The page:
The FIA says it will no longer give drivers permission to drive without the HANS safety device and this means Ferrari’s Rubens Barrichello may have to sit out the Brazilian Grand Prix.

The FIA says it will no longer give drivers permission to drive without the HANS (head and neck safety) device and this means Ferrari’s Rubens Barrichello may have to sit out the Brazilian Grand Prix.

The system has proved controversial in the first two grands prix, with Minardi rookie Justin Wilson and Barrichello both being forced to retire due to incidents related to HANS. Barrichello was given special dispensation to drive without it in Malaysia after lodging complaints with race stewards and medical officials.

But on Tuesday, F1’s governing body declared that the use of the HANS system would remain compulsory. CARtoday.com reported earlier this month that the HANS neck collar was designed to protect drivers in a frontal impact and the FIA has said that from the Brazilian Grand Prix, any driver incapable of wearing the device will not be permitted to race and would have to be replaced.

"The system can be uncomfortable if not properly adjusted for the individual driver," a spokesman for the FIA said. "It also marginally raises the height of the centre of gravity of the car. It would be unfair is some drivers were allowed to race without it. At the same time, the prove safety gains are so great that it would be irresponsible to abandon the system.

"Accordingly, there will be no dispensations from now on. If any driver is unable to wear the device for medical or other reasons, the team concerned will have to replace him, just as they would if he could not wear a crash helmet or seat belts,” he added.

Ferrari has admitted that there is a chance the team may be forced to replace the Brazilian. However, they are confident that a solution will be found over the course of this week's testing session.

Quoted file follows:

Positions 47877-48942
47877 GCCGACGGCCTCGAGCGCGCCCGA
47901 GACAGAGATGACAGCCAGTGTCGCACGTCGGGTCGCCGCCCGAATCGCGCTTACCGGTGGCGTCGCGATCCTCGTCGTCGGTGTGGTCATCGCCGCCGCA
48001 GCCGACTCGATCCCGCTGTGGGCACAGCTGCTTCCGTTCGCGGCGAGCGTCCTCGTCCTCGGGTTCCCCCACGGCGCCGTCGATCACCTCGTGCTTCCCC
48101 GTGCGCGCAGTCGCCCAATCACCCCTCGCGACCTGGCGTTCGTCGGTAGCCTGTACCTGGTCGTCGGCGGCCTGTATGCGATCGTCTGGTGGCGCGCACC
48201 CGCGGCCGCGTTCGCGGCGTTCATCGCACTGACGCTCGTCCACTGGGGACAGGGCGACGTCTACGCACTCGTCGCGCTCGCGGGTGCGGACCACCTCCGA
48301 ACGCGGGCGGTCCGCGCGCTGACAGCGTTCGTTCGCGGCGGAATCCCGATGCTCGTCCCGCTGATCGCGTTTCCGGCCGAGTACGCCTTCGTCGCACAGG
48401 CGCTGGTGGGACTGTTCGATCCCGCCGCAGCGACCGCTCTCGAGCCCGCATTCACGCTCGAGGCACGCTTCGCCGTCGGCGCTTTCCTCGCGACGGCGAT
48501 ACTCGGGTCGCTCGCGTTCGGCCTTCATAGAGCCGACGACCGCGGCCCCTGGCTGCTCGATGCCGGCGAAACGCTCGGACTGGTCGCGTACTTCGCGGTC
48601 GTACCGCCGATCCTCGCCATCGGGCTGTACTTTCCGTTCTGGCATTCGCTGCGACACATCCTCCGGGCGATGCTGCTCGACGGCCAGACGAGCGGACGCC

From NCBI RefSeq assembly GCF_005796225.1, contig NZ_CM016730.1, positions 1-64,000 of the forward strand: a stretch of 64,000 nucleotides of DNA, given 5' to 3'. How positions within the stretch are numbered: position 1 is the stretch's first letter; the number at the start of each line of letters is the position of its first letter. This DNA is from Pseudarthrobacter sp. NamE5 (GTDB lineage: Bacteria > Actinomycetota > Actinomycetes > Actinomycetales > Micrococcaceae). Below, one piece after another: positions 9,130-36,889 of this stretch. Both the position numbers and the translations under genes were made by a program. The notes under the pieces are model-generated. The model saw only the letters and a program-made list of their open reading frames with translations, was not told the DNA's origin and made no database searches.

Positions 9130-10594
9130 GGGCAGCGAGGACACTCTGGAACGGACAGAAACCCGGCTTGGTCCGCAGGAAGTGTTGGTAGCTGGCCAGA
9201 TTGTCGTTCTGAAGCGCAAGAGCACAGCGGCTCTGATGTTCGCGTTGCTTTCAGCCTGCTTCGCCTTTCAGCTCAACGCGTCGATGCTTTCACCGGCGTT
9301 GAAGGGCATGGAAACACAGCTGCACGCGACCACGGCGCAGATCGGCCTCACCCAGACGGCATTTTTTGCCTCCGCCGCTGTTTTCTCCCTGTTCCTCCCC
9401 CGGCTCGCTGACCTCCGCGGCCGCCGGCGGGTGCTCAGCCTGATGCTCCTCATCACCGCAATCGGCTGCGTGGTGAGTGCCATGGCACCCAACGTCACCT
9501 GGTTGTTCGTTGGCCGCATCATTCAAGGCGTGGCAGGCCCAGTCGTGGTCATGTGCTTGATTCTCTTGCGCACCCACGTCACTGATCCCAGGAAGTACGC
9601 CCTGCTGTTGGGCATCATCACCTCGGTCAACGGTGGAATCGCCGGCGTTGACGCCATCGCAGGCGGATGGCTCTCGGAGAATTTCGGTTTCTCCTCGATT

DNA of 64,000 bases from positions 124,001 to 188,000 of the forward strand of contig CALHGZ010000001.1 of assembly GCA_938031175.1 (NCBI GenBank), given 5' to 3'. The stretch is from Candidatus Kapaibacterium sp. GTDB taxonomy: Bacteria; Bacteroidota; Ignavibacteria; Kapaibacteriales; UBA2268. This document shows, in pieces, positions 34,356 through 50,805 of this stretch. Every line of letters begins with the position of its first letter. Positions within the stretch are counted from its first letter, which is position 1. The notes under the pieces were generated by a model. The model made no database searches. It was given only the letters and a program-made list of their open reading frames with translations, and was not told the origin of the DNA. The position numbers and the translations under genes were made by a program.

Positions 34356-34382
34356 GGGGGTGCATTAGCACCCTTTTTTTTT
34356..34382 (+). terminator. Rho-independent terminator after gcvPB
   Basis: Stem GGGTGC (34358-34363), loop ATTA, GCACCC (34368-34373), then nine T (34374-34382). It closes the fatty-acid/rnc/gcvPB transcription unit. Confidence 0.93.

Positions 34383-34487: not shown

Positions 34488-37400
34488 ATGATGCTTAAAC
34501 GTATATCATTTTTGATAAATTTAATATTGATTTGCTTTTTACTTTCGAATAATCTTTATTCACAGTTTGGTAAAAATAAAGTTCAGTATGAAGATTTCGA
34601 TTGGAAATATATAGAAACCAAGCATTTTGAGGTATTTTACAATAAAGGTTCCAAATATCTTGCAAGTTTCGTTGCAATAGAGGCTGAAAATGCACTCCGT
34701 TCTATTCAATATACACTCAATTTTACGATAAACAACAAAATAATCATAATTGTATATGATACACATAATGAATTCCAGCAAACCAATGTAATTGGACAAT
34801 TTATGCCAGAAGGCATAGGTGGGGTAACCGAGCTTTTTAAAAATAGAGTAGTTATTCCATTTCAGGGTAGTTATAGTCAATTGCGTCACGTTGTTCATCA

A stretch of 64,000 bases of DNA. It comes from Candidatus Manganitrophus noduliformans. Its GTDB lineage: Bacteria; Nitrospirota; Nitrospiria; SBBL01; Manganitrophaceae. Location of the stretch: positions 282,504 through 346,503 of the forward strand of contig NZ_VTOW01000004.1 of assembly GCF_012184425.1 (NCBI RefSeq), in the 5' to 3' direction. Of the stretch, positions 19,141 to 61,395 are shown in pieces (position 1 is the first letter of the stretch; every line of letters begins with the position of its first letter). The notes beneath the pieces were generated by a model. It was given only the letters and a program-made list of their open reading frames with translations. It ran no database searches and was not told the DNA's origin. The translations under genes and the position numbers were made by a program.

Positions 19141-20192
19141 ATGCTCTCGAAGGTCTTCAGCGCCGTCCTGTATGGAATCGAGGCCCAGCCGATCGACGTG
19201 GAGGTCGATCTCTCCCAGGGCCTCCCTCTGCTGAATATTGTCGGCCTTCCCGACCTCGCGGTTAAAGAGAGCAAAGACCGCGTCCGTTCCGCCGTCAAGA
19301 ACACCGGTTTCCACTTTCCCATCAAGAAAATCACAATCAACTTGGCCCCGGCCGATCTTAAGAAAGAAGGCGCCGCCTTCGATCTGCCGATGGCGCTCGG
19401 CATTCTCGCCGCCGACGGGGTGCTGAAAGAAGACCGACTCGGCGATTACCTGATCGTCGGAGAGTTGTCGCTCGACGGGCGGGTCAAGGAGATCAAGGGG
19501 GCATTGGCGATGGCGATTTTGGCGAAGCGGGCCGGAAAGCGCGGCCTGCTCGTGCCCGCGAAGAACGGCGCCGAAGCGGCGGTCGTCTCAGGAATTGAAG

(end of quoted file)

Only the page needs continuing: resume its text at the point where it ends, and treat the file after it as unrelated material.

"Malaysia showed that with the current set-up Rubens feels pain but I expect we will be able to solve the problem,” a Ferrari spokesman told . "We are testing a new system and for the time being we are not speculating on having any more difficulties with it. But if any driver is not comfortable then we would use our second driver."

Wilson was admitted to hospital on Sunday after retiring from the Malaysian Grand Prix. The 24-year-old Briton was stuck inside the cockpit of his Minardi for eight minutes after retiring from the 56-lap race with 15 laps to go, having been left in severe pain when his HANS assembly worked loose.

“I haven't been affected by the HANS before, but this is the longest stint I have done so far this season," Wilson added. "After my first pit stop the car felt loose at the back and I had to work quite hard at the wheel.

"The harder I worked, the more the belts began to slip off the HANS. Gradually, they came off altogether and I started rattling around and banging my shoulders on the side of the cockpit, which was pretty excruciating. I tried to keep going but eventually the pain became too intense and I had to stop. By the time I pitted I could hardly move," Wilson added.

Original article from Car